Tagus estuary salt marshes feedback to sea level rise over a 40-yearperiod: Insights from the application of geochemical indices

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Tagus estuary salt marshes feedback to sea level rise over a 40-yearperiod: Insights from the application of geochemical indices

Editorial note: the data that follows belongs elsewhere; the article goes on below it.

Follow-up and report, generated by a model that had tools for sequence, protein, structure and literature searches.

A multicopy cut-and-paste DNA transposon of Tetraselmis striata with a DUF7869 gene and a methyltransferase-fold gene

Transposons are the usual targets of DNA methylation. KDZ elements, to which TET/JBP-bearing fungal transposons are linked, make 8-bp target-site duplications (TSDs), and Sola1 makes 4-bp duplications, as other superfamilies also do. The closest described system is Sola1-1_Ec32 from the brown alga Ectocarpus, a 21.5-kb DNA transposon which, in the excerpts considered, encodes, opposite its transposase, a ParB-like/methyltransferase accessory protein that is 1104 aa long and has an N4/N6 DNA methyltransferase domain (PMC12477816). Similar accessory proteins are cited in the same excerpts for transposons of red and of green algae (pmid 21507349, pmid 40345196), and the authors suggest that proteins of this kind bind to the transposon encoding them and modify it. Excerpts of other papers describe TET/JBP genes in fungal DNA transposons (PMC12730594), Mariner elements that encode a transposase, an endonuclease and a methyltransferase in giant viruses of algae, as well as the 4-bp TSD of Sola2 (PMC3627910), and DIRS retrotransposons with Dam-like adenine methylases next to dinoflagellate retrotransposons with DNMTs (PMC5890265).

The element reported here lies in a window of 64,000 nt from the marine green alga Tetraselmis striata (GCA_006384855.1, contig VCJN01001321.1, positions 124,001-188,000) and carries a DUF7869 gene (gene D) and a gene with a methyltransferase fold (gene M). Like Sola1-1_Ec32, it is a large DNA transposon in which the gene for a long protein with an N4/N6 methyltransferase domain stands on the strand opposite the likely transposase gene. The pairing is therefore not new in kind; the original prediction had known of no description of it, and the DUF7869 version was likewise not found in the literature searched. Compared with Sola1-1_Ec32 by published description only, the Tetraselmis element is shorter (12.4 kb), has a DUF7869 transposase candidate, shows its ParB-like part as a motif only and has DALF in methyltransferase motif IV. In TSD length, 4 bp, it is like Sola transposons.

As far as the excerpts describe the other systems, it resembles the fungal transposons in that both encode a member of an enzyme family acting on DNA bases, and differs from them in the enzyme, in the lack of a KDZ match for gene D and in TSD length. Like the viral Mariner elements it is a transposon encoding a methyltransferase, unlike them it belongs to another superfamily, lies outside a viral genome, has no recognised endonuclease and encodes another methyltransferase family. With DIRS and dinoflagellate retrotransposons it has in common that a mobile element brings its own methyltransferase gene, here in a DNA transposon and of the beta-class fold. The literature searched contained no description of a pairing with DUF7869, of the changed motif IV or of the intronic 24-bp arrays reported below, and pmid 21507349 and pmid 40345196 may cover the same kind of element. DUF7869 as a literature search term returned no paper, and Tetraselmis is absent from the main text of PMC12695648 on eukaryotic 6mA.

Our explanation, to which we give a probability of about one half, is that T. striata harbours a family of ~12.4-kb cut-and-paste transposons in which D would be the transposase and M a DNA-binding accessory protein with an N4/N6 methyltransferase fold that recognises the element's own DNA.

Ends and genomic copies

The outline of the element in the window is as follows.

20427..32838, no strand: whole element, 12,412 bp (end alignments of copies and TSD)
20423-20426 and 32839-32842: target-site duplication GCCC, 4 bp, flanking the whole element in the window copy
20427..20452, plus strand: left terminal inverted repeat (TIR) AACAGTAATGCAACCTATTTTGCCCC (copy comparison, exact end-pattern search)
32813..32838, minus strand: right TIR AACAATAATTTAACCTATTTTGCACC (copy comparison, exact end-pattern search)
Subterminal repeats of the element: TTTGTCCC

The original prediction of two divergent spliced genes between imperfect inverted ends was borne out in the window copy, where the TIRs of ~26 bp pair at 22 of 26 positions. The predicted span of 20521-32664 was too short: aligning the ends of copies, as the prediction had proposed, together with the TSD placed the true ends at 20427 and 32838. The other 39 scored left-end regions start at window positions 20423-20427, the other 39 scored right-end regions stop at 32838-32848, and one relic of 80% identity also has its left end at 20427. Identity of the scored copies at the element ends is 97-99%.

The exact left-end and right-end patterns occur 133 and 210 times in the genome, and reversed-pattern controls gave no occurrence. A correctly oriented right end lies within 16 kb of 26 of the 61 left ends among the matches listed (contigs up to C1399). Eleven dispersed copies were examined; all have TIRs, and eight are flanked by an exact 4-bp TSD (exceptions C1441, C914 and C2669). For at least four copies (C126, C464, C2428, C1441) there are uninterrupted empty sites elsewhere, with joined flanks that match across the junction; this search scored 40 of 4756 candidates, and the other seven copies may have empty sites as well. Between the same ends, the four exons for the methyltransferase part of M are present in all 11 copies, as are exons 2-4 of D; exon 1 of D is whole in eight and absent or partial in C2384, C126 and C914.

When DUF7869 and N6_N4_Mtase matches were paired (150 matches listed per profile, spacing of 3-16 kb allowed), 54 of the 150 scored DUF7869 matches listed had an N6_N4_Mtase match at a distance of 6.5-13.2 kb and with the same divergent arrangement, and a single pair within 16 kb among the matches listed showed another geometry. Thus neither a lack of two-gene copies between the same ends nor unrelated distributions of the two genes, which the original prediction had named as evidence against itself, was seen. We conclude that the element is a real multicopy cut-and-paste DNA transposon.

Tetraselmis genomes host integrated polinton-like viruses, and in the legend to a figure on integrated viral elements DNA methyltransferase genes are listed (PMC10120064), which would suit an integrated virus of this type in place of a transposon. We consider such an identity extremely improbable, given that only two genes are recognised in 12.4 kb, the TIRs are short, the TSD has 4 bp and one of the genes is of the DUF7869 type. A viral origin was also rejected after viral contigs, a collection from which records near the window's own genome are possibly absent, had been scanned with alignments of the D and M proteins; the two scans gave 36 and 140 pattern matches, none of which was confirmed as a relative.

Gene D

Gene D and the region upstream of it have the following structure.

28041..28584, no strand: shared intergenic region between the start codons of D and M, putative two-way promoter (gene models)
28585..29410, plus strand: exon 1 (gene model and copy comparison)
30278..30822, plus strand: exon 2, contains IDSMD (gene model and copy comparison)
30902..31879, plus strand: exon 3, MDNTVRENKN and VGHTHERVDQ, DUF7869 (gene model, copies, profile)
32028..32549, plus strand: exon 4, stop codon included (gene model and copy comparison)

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  This article appeared in a journal published by Elsevier. The attachedcopy is furnished to the author for internal non-commercial researchand education use, including for instruction at the authors institutionand sharing with colleagues.Other uses, including reproduction and distribution, or selling orlicensing copies, or posting to personal, institutional or third partywebsites are prohibited.In most cases authors are permitted to post their version of thearticle (e.g. in Word or Tex form) to their personal website orinstitutional repository. Authors requiring further informationregarding Elsevier’s archiving and manuscript policies areencouraged to visit:http://www.elsevier.com/authorsrights  Author's personal copy EcologicalIndicators34(2013)268–276 ContentslistsavailableatSciVerseScienceDirect Ecological   Indicators  journalhomepage:www.elsevier.com/locate/ecolind Original   article Tagus   estuary   salt   marshes   feedback   to   sea   level   rise   over   a   40-yearperiod:   Insights   from   the   application   of    geochemical   indices B.   Duarte a , ∗ ,   I.   Cac¸    ador a ,    J.C.   Marques b ,   I.W.   Croudace c a CenterofOceanography,FacultyofSciences,UniversityofLisbon,CampoGrande,1749-016Lisbon,Portugal b InstituteofMarineResearch–MarineandEnvironmentResearchCentre(IMAR-CMA),C/ODepartmentofZoology,FacultyofSciencesandTechnology,UniversityofCoimbra,3000Coimbra,Portugal c NationalOceanographyCentre,Southampton,UniversityofSouthampton,EuropeanWay,SouthamptonSO143ZH,UK  a   r   t   i   c   le   i   n   f   o  Articlehistory: Received11April2013Receivedinrevisedform17May   2013Accepted17May   2013 Keywords: SealevelriseSaltmarshesGeochemicalindices 137 CsdatingSedimentaccretionratesHeavymetalsElementalratio-basedindices a   b   s   t   r   a   c   t Sea   level   rise   (SLR)   has   been   evaluated   using   data   acquired   from   two   Tagus   estuary   saltmarshes.   Sedimentaccumulation   rates   over   a40-year   study   period   were   determined   using  137 Csalong   with   an   evaluationof    several   geochemical   indices   and   ratios   as   proxies   of    the   mechisms   underlying   these   SAR    variations.Correlating   SLR    data   from   1963   to   2001   with   the   sediment   accretion   rates   (SARs)   an   inverse   pattern   of interaction   wasobserved,   with   lower   SAR    associated   to   periods   of    higher   mean   sea   level   (MSL)   heights.This   pointed   out   to   an   erosion   effect   of    the   salt   marsh   during   higher   tidal   flooding.   Although   SLR    appar-ently   slows   down   SAR,   it   still   presents   a   positive   balance   with   SLR,   similar   to   that   identified   in   mostmesotidal   estuaries.   The   geochemical   analysis   of    sediments   and   chemical   alteration   index   (CAI)   alsosuggest   that   the   major   processes   inherent   to   the   SAR    vary   inversely,   being   mostly   based   by   physicaldisturbances.   Geochemical   ratio-based   indices   showed   that   both   salt   marshes   presented   enhanced   high-energytransport   driven   inputs   of    sediments,   although   in   Pancas   saltmarsh   there   is   a   slight   evidence   of chemical   weathering   of    the   sediments.   Anthropogenic   contamination   of    the   sediments   by   heavy   metalswas   identified   and   has   been   decreasing   from   1963   to   2001,   mostly   linked   to   amarked   reduction   of    indus-trial   activities   in   some   areas   surrounding   the   Tagus   estuary,   rather   thanthe   sedimentary   history   of    theestuary.©   2013   Elsevier   Ltd.   Allrights   reserved. 1.Introduction Climatechangeisnowadaysonemajorconcernspanningacrosstheenvironmentalsciencecommunity.ItiswidelyacceptedthatincreasingCO 2  levelsmay   induceclimatechangethroughthegreenhouseeffectandholdsthepotentialtoaffectmostecosystemstosomedegree.SomedirectcausesofCO 2  risingconcentrationsintheatmosphereareincreasingtemperaturevaluesandoceanacidification,butothermay   resultfromdirectchangestothegasandparticlecontentswithintheatmosphere.Theimpactofanincreasedgreenhouseeffecthasbeenwidelystudied(e.g.IPCC,1990;TitusandNarayanan,1995).ThereportsoftheIntergovern-mentalPanelonClimateChange(IPCC,1990),recentlyupdatedin1995,specifythattheglobalaverageairandseasurfacetem-peraturesareexpectedtorisebyabout2.5 ◦ C,withinarangeof 1.5–4.5 ◦ C(BernerandBerner,1996;Houghton,1999;IPCC,1999),althoughthereisadegreeofuncertaintyabouttheseestimationsrelatedtoissuesofgeographical,diurnalandseasonalvariability ∗ Correspondingauthor.Tel.:+351217500000x20319;fax:+351217500009. E-mailaddress: baduarte@fc.ul.pt(B.Duarte). (Gates,1993;Houghton,1999).Oneofthemajorside-effectsof globalwarmingissealevelrise,duetopolaricemeltdownandincreasingoceanwatersupply,butalsocausedbythethermalexpansionofthislargerwatermass.Inevitably,themostaffectedareasoftheglobeandhighlyvulnerabletosealevelrisearelocatedclosetotheseashore,includingcoastallagoons,estuariesandtheshoreline.Estuariesstandoutasareasofspecialconcern,sincetheyincludesomeofthemostdenselypopulatedareasinourplanet(DuarteandCac¸    ador,2012;Cohenetal.,2001).Estuarineecosys-temsholdthereforegreatscientificpotentialinthiscontextandwillhelpusunderstandingclimatechangedynamicsandtheirimpactsupontheseareas.Saltmarshesareoftenlocatedalongestuarinesidesandtheyareparticularlyvulnerabletosealevelrise(Dyeretal.,2002).Saltmarshesareconsideredtobeamongthemostproductiveecosys-temsontheplanetandtheyhaveanessentialroleasnursingareasformarinefishandinvertebratesofgreateconomicvalue.Theyareinvaluablehabitatsandfeedingsitestomanymigra-torybirdspecies,whileshelteringgreatbiodiversity(Reed,1990;VanDijkemanetal.,1990).Theslopeofthemarshinrelationtothetidalamplitude,andtheelevationoftheshorelineoffer-ingbetterprotectioninconditionsofincreasingstorminess(Dyer 1470-160X/$–seefrontmatter©2013ElsevierLtd.Allrightsreserved.http://dx.doi.org/10.1016/j.ecolind.2013.05.015  Author's personal copy B.Duarteetal./EcologicalIndicators34(2013)268–276 269 etal.,2002)willbedeterminingfactorsfortheinitialset-upandresilienceofthesaltmarshcommunitiesunderincreasingcondi-tionsofsealevelrise(Simasetal.,2001).TheseareasaredescribedastransitionalwaterbodiesintheWaterFrameworkDirectiveof theEuropeanUnion,andtheyarefurtherrecognizedasecologi-callysensiblezonesaccordingtotheBirdsandHabitatsdirectives.Lockedbetweenlandmassesandocean,risingseawaterlevelswillplayanimportantroleinthefutureecologyoftheseregions.Sealevelrisewillalsomeanhighererosionratesintheouterbound-aryofthesaltmarsh(Reed,1990).However,somemechanismsmay   counteracttheinfluenceoftheseclimaticinducedfactors,assaltmarshesalsohavetheabilitytokeeptheirrelativeelevationaboveseawaterthroughoutsedimentation(SalgueiroandCac¸    ador,2007).Saltmarshesactassinksforcontaminants(Cac¸    adoretal.,2000;Duarteetal.,2010),carbon(Cac¸    adoretal.,2004)andnitrogen(Cac¸    adoretal.,2007).Themajordepositionalprocessfortheseele-mentsisthroughsedimentationofparticulatematterduringtidalflooding(Silvaetal.,2009),whenthehalophyticvegetationactsasabaffleandsedimenttrap,leadingtothesettlingoffinesuspendedparticlestransportedonthewatercolumnthataredepositedonthemarsh(Silvaetal.,2009).Furthermore,saltmarshgrowthisoftenassociatedtoprocessesoccurringinestuarineareaswithhighlevelsofsedimentdischarge,likemudflats(Simasetal.,2001).Tocoun-teracttheeffectsofsealevelrise,themarshelevationmustkeeponatsuchapacethatiscompatiblewiththerise.Otherwiseflood-ingisinevitableandwillbefollowedbysubsequentmarsherosion.ThishasalreadybeenverifiedintheNileandMississippirivers(Gornitz,1991;BlumandRoberts,2009).Anotherimportantfac-tortoconsideristhetidalrangeofthesaltmarsh.Stevensonetal.(1986)suggestedthatareaswithhightidalrangeareassociatedwithhighersedimenttransportrates,thusbeinglessaffectedbysealevelrise.Inthiscaseanegativefeedbackmechanismisobserved,whereasmallincreaseinsealevelleadstohighermineraldeposi-tionduetolongersubmersionperiods.Thisisalsoassociatedwithlesssedimentcompactionduetoreduceddecompositionoforganicmatterinthesediment(Nymanetal.,1993;Allen,1994).However,rapidsealevelsrise,aspredictedinsomeclimatechangescenarios(IPCC,2007)increasessalt-marshlosscausedbytheincreasedsub-mersionperiodssincesaltmarshproductivity(organogenicinput)issuppressed(Nymanetal.,1993,1994).Recently,anincreasingnumberofnumericalmodellingstudieshaveappearedaimedatidentifyingandsimulatethemainprocessesofmarshelevationdynamicsinresponsetochangingsealevel(Allen,1990,1995,1997;Callawayetal.,1996;Chmuraetal.,1992;Dayetal.,1999;French,1993;Krone,1987;Morrisetal.,2002;Pontetal.,2002;RybczykandCahoon,2002;Rybczyketal.,1998;Temmermanetal.,2003a;VanWijnenandBakker,2001).However,asstatedbyAllen(2000),thesemodelsareataratherembryonicstageofdevel-opment.Importantinformationcanbeobtainedmeanwhilefromempiricalstudiesofsaltmarshsystems.Byinvestigatingsedimen-taryrecordsinthecontextoftheclimateconditionsthatproducedthemitshouldbepossibletounderstandhowsaltmarshgeochem-icalcharacteristicsandaccretionrateshavebeenrespondingtochangesinsealevel.Thistypeofinformationwillbeveryusefulinpractice,allowingforbetteradaptivemanagementofhumanactivities,andhopefullytoguideourpreparationandprotectivemeasuresagainstfuturescenarios.Caesium-datingtechniquesarewidelyappliedtoSLRandSAR studiesincoastalenvironments.AlthoughitsundeniableefficiencyprovidinggoodinsightsonSAR,theyonlytellhalfthestory.Thisway,thepresentworknotonlyaimstoassesssedimentaccumu-lationratesintheTagussaltmarshoverthelast40yearsusing 137 Csdating,butalsothepossibleapplicationofgeochemicalandelemental-basedindicesinordertoprovideinsightsonthepro-cessesbehindthetemporaloscillationsandspatialvariationsintheSAR.Inatimeofmajorconcerninwhichrespectstoglobalchanges, Fig.1. MapoftheTagusestuaryshowingPancasandS.JoãodaTalhasaltmarshsamplingstations. thisanalysiswillbeintegratedinthecontextofrisingsealevelcon-ditions.Thisway   isintendednotonlytoevaluatethepossibleuseofthisgeochemicalindicesbutalsotousethemasstorytellersof therecentpastofTagusestuary. 2.Materialandmethods  2.1.Studyareadescription TheTagusestuaryisthelargestestuaryonthewestcoastof Europe(38 ◦ 44  N,9 ◦ 08  W),   locatedinthemostpopulatedareaof Portugal(Fig.1).Itisashallowestuaryanditscirculationismainlydrivenbytides.TheTagusRiverdrainsatotalareaof86,629km 2 ,representingthesecondmostimportanthydrologicalbasinintheIberianPeninsula.Theriveristhemainsourceoffreshwaterintotheestuary.Inflowfluctuatesseasonallywithanaveragemonthlyvaluevaryingfrom120m − 3 s − 1 insummerto653m − 3 s − 1 inwin-ter(last30yearsofWaterNationalInstitutepublicdatabase,INAG).Estimatedwaterresidencetimerangesfrom6to<65daysforwin-terandsummeraverageriverdischarge,respectively(Martinsetal.,1984).ItisamesotidalestuaryaccordingtotheNOAAclassification,withsemi-diurnaltidesrangingfrom0.4matneaptideto4.1matspringtide.Seawaterenterstheestuarythroughadeepnarrowinletchannel.Thetidalinfluencereaches80kminlandfromLisbon.CoringtookplaceatPancas(PAN)saltmarsh,locatedinthesouthernsideoftheTagusestuarywithintheNaturalReserveof TagusEstuaryandinS.JoãodaTalha(SJT)saltmarsh,locatedinthenorthernsideinLisbonmetropolitanzone.Threesedimentcoresweretakenusingatubularprobe(6.7cmdiameter)in2001.Thecoresweretakenalongthesaltmarshinanareavegetatedby Sarcocorniaperennis .Appropriatemeasuresweretakentoavoidcompactionduringthecoring.ThepositionofthecoresandverticallevelofthecoringsiteswasattainedbyGPS.  2.2.Laboratoryanalysis Thecoresobtainedatthesamplingstationswerebroughtbacktothelaboratoryinrefrigeratedchambersandsliced.Thesam-plesweredriedtoconstantweightat60 ◦ C.Organicmattercontentwasdeterminedbylossonignition(LOI)afterslowlyashingsub-samplesat600 ◦ Cfor3h.Thesedimentaccumulationratewas   calculatedonthebasisof thetwo   pronounced  137 Cs-peaks,whichwerepresentinallthecores.Thelowerpeakcorrespondstothe1963maximumintest-ingofnuclearweaponsintheatmosphereandtheupperpeakis  Author's personal copy 270 B.Duarteetal./EcologicalIndicators34(2013)268–276 duetotheaccidentatthenuclearpowerplantatChernobylin1986.Thesetwopeakshavebeenusedasmarkersandtheaverageaccumulationrateduringtheperiod1963–1986hasbeencalcu-latedastheaccumulatedmassbetweenthetwo   peaksdividedbythetimebetweenthetwoevents(23years).Theaccumulationfrom1986tothetimeofcoring(2003–2005)hasbeencalculatedinasimilarway.Theorganiccontentinthecoresdecreaseswithdepthandconsistsprimarilyofrootsandmacrofragmentsofthesaltmarshvegetation.Inclusionofthisorganicmaterialinthecal-culationsofaccumulationrateswouldinducesystematicerrors,asthedensityofrootsandplantfragmentsishigherintopofsaltmarshsediments.Thesubjectofthepresentstudyistheprimarilyminerogenicallocthonoussedimentandcalculatedmasseswerethereforecorrectedfororganiccontent.TheminerogenicfractionofthesedimentwascalculatedbyreducingthetotaldryweightwiththeLOIpercentage.Sampleswereanalyzedfor  137 Csactivity,usinggamma-spectrometrybywayofitspeakat661keV.Depthof the1963peak(RitchieandMcHenry,1990a,b)was   usedtoinves-tigatetheaccumulationrates,whilethesedimentaccumulationrates(SAR)werecomputedtakingintoaccountthediameterofthecorerandanaveragesedimentdensityof1020kgm − 3 ,obtainedfortheTagussaltmarshesinpreviousstudies(SalgueiroandCac¸    ador,2007).Sedimentationvalueswerealsocorrectedfororganicmattercontent,consideringtheorganicpercentagefoundinthedifferentlayers.Thesevaluesweretakeninaccounttoeliminateforanypos-sibleartefactscausedbythefactthateachlayerinoursampleisatadifferentstageoforganicdecomposition.GeochemicalanalysisofthesedimentsandtheirheavymetalcontentwascarriedoutthroughX-rayfluorescencespectrome-try(XRF).Thesedimentswerefrozen-driedandcompressedintotablets.XRFwas   performedinaPhilipsMagix-ProWD-XRFunitattheNationalOceanographyCenter(NOC)inSouthampton,UK.AfterknowingtherelevantdatafromtheoxidescompositionitwaspossibletoworkouttheChemicalAlterationIndex(CAI):CAI = Al 2 O 3 Al 2 O 3 + CaO + K 2 O + Na 2 OThisindexprovidesinformationaboutthetypeofdisturbanceaffectingthesediments.Inpractice,CAIvaluesbelow40suggesttheabsenceofdisturbance,andvaluesfrom40to70aretypicalof physicaldisturbanceonly,whileindexvaluesabove70essentiallyareindicatorsofchemicaldisturbanceofthesediments(CoxandLowe,1995).  2.3.Sealeveldata ThetidalgaugeclosesttobothstudiedsaltmarshesistheCas-caistidalgauge(www.igeo.pt)locatedinthesametidalbasinatthemouthoftheestuary.Thisgaugeholdsrecordingsfrom1880topresent.Tidalheightsfortheperiodcomprehendedfrom1880tothetimeofcoring(2001),wereobtainedfromtheHydrographicInstitute(www.hidrografico.pt)andtheirdatasetfortheLisbonstation.Theannualheightswereplottedandalinearregressionwasmade,inordertoestablishasealevelriserate(Andersenetal.,2011). 3.Results  3.1.  137  Csdatingandsedimentaccumulationrates Theisotopicanalysisofthecoresshowedtwomajorpeaksof  137 CsconsistentwiththerecenthistoryofNWEurope.Thelowerpeakcorrespondstotheinputofbombtestmaterialthathaditshigheractivityperiodin1963.Theupperpeakisnormallyidentifiedas  137 CsdepositionresultingfromtheChernobylaccidentin1986(Andersenetal.,2000).Thesepeakswerechosenasmarkersfor Fig.2. Verticalprofilesof  137 CsactivityinsaltmarshsoilobtainedfromcoresamplescollectedatPancas(A)andS.JoãodaTalha(B). thoseeventsandallowedustoconsidertwo   differenttimeperiodsforthepurposeofthisstudy:from2001to1986andfrom1986to1963(Fig.2).UsingtheseradiometricmarkerstheaverageSARwereassessedforbothtimeperiods(Table1)andthisallowsforincreasedaccuracyinouranalysisandbetterdiscriminationofthesedimen-tationhistoryatthetwo   saltmarshstationsforthestudyyears(1963–2001).Theradiometricverticalprofileinourcoresshowsratherobviouspeaksofhigher 137 Csactivityatdifferentdepthsandthesepeakshavebeenobservedforthetwosaltmarshes.However,whilethe1986peakwasdetectedatadepthof9cminthePancas(PAN)saltmarsh,thesamepeakhasbeendetectedfurtherdowninSJT,occurringatadepthof21cm.   Asimilarpatternwas   foundalsoforthe1963peak,occurringatadepthof24cminPancasand56cmdeepinSJT.TheSARvalueshavebeenassessedfromthistypeofradiometricdating(Table1)andfortheyears1963–2001theaccretionwasalwayshigherintheSJTstationwhencomparedtoPAN.Therewasanaltitudinalincreaseof0.10cmassociatedtotheaccretionratesforthe1963–1986and1986–2001timeintervals  Table1 Calculatedtotalandmineralsedimentation(kgm − 2 y − 1 )andaccretion(cmy − 1 )ratesbasedon  137 Cspeaksinbothsaltmarshes.Pancas(PAN)S.JoãoTalha(SJT)  Apparentsedimentaccumulationrate 1963–19866.65 ± 0.3315.52 ± 0.781986–20015.44 ± 0.2713.60 ± 0.681963–20016.17 ± 0.3114.76 ± 0.74 Realsedimentationrate 1963–19866.03 ± 0.3013.17 ± 0.661986–20014.87 ± 0.2411.06 ± 0.551963–20015.60 ± 0.2812.25 ± 0.61  Accretionrate 1963–19860.65 ± 0.041.52 ± 0.001986–20010.53 ± 0.001.33 ± 0.011963–20010.61 ± 0.031.45 ± 0.00  Author's personal copy B.Duarteetal./EcologicalIndicators34(2013)268–276 271  Table   2 GeochemicalcharacterizationofthesedimentcoresofSJTandPANsitesatthedepthsdatedas1963,1986and2001(average ± standarddeviation).SJTsitePANsite196319862001196319862001SiO 2  54.5 ± 0.354.0 ± 0.445.3 ± 8.758.7 ± 0.757.4 ± 0.751.8 ± 4.1Al 2 O 3  19.4 ± 0.419.1 ± 0.316.8 ± 2.720.7 ± 0.520.7 ± 0.617.8 ± 1.8TiO 2  0.9 ± 0.10.9 ± 0.10.8 ± 0.10.9 ± 0.00.9 ± 0.00.7 ± 0.1Fe 2 O 3  7.8 ± 0.6 7.9 ± 0.5 6.6 ± 0.57.0 ± 0.57.7 ± 0.06.9 ± 0.6MnO   0.1 ± 0.00.1 ± 00.1 ± 0.00.1 ± 0.00.1 ± 0.00.1 ± 0.0MgO   3.1 ± 0.13.0 ± 0.12.9 ± 0.13.1 ± 0.23.1 ± 0.43.1 ± 0.2CaO   4.2 ± 0.24.4 ± 0.34.0 ± 0.41.1 ± 0.30.9 ± 0.51.0 ± 0.5K 2 O3.8 ± 0.33.6 ± 0.23.3 ± 0.23.7 ± 0.13.7 ± 0.13.3 ± 0.3Na 2 O2.2 ± 0.21.6 ± 0.41.7 ± 0.51.8 ± 0.21.7 ± 0.34.8 ± 2.5P 2 O 5  0.2 ± 0.0 0.3 ± 0.0 0.3 ± 0.0 0.2 ± 0.0 0.3 ± 0.1 0.3 ± 0.1Sum   96.2 ± 1.1 95.1 ± 0.381.7 ± 13.297.2 ± 0.896.5 ± 1.489.8 ± 4.1CAI   65.4 ± 1.266.5 ± 0.764.9 ± 0.875.9 ± 0.976.5 ± 0.866.2 ± 6.7Al 2 O 3 /SiO 2  2.8 ± 0.12.8 ± 0.12.7 ± 0.12.8 ± 0.12.8 ± 0.12.9 ± 01 observedinPancassaltmarsh,andthiscomparestosome0.20cmintheSJTstationforthesameperiod.Thisdifferencebecomesmoreevidentwhencomparingdataintermsofmassdepositionbysquaremetreofsaltmarshsoilarea,ortotalsedimentationrate.Dif-ferencesamongourstationswereintheorderof10kgofsedimentdepositedonasquaremetreofsaltmarsh,furtheremphasizingtheelevatedaccretionratesobservedintheSJTsite.Wheneverthecoresdidexhibitdifferentorganicmattervaluesduetovariationsindecompositionrateswithintheverticalprofile,thesevaluesof totalsedimentationwerecorrectedforitsorganicmatter(aslossonignition)andexpressedasmineralsedimentationrate.  3.2.Sealevelrisedata Thelocalvariationofmeansealevel(MSL)fortheevaluatedperiodsisplottedinFig.3.Plottingalineartrendforthewholestudyperiod(1880–2001)arateofincreaseoftheMSL    was   assessedatabout1.29mmy − 1 inthisarea.Theyearlymeanvaluesdidoscillatearound10.5mmduringthestudyperiod.Themeanwaterdepthinthoseareaswherethelowestpartofbothsaltmarsheswillbecov-eredbytheincomingtidestaysabout1mabovethenationalchartdatum–PortugueseHydrographicZero(PHZ).ThisMSL    risewillhavemajorconsequencesintheecologyofthesaltmarsh,associ-atedtolongerinundationperiodsduringthehightideperiods.  3.3.Elementalanalysis Thegeochemicalanalysisofthesediments(Table2)revealedthattheSiO 2  contenthasbeendecreasingfrom1963to2001, Fig.3. ChangesinMeanSeaLevelvalues(mm)   monitoredfrom1963to2001. remaininghigherincoresfromPANwhencomparedtoSJT.MajordifferenceswerealsoobservedforCaOinthetwosaltmarshes.InbothcasesthevaluesforCaOthroughoutthechronosequencedidremainratherstableduringtheperiodofouranalysis,butSJTshowedhighervaluesofCaOwhencomparedtoPAN.AsforNa 2 O,therewasadecreaseofthisoxidefrom1963to2001atSJT,whileinPANtherewas   anevidentincreasefrom1986to2001.Thisdifferenceinoxidecompositionatthetwositesisevi-dentalsowhenwelookintotheCAIvalues.InbothsaltmarshestherewasanincreaseoftheCAIvaluesfrom1963to1986,andasubsequentdecreasefrom1986to2001.Inthiscase,thedecreasewasmoreevidentinPancassaltmarsh.Thevaluesobservedforbothoxidesinthetwo   saltmarshesareconsistentwithcurrentinterpretationofpredominantphysicaldisturbancemechanismsinfluencingthegeochemistryofthesediments(CoxandLowe,1995),andthisismoreevidentinPancas(PAN).TheratiosSi/AlandSi/Karedependentupontheproportionof thecoarsematerials,mainlyformedbyquartziticsandscontaininghighpercentagesofsilicon,andfineclayswhichcontainSi,AlandK.Comparingtheseratios(Fig.4),itispossibletoobserveastrongrelationshipbetweenthetwo   ratiosinPancassaltmarsh,whileinSJTtheSi/KratioremainsratherstabledespitevariationsintheSi/Alratio.Ironandphosphorousareratherabundantelementswithhighimportanceonsedimentbiogeochemistry.AvariationonP/CaandP/Feratiosindicatesanaccumulationoforganicphosphorusandinfluencesthemechanismscontrollingtheamountoftotalphos-phorusinsediments.Althoughthemoreobviouspatternwas   foundagaininthePancassaltmarshsediments(withastrongcorrela-tionbetweenthetworatios),thereisalsoevidenceofacorrelationbetweenFeandP(Alnormalizedvalues)fortheSJTsaltmarsh,althoughwithsmallervariabilitythanfoundatPancas.Calciumandmagnesiumarethemostabundantalkaline-earthelementsinreservoirsediments,withCamainlypresentascarbon-atemineralsinthiskindofsediments.SimilartotheSi/AlandSi/Kratios,analysisofthevariationoftheseelements(Fig.4)showsalso  Table3 Elementalstandardshaleconcentrations(TurekianandWedepohl,1961)intheearthcontinentalcrust(ppm)andaverageconcentrationinbothstudiedsaltmarshes(average ± standarddeviation).Standardshale*SJTPancasAs1350.7 ± 10.134.5 ± 11.3Co   2418.1 ± 2.213.0 ± 1.5Cr   90110.8 ± 12.9100.5 ± 8.2Cu   4574.3 ± 15.754.7 ± 5.4Ni   6839.1 ± 9.231.3 ± 3.0Pb   20160.2 ± 48.793.4 ± 23.5Zn   95553.9 ± 99.6347.0 ± 92.4